Between new plays and Shakespeare performed in modern dress, it seems it’s only the late nineteenth century playwrights who are performed in period setting any more (the odd production by Benedict Andrews notwithstanding). All joking aside, there is a special challenge – but also revelation – when the period setting comes alive to carry the heart of the play in a timeless way.
Henrik Ibsen’s Ghosts at the Almeida, adapted and directed by Richard Eyre, is such a pleasure. The story of a family in the course of an evening, when five people are connected in different – sometime unexpected – ways and the ghosts of the past strangle the present. It’s not other people’s but one’s choices that haunt the play. And that ultimate crime of all, to be untrue to one’s self.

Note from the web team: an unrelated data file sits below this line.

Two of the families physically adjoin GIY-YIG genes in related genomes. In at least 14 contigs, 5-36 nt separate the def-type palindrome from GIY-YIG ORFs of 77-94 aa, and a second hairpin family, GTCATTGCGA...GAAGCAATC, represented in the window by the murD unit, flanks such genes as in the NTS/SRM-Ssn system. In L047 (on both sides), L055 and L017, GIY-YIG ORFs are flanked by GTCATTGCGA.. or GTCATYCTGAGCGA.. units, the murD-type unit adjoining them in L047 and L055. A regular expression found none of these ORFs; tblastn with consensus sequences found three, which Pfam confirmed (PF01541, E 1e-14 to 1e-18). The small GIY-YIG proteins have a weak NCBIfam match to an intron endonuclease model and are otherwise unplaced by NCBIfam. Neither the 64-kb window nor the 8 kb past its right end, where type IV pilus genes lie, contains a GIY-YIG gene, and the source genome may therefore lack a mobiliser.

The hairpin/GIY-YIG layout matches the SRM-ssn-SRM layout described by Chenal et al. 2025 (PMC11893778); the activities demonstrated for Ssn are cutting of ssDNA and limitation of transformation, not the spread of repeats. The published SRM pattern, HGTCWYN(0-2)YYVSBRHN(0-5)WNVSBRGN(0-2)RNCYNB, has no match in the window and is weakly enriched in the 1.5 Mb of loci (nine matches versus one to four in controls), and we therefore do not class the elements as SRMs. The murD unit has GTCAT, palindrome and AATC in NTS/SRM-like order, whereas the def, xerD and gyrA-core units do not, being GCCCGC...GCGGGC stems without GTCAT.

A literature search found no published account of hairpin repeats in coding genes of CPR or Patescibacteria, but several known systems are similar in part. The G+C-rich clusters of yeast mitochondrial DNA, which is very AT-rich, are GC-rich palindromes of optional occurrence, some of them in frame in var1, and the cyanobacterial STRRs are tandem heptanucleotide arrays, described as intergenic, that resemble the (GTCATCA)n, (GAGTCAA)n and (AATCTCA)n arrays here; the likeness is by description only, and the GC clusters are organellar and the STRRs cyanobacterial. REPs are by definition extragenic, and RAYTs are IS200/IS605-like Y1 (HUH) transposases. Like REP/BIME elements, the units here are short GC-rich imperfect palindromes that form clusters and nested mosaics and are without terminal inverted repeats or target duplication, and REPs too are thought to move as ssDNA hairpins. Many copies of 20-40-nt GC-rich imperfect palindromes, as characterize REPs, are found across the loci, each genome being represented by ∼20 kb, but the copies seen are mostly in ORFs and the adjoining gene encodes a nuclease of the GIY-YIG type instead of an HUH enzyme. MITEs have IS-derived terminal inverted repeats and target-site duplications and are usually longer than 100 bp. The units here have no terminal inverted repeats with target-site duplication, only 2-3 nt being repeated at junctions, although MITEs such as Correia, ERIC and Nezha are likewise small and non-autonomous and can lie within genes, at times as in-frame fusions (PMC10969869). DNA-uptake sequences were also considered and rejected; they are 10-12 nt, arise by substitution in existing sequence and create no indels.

The production has simplicity and confidence and a rare unhurried richness. Set and lighting are grave but not dour. If joy is in short supply in this place, it is vividly suggested that it lives elsewhere and people can – and should – find it for the salvation of their souls. The wood and glass and tapestry of the set are like a magic mirror – unbearable one moment, warm and comforting the next. Continue reading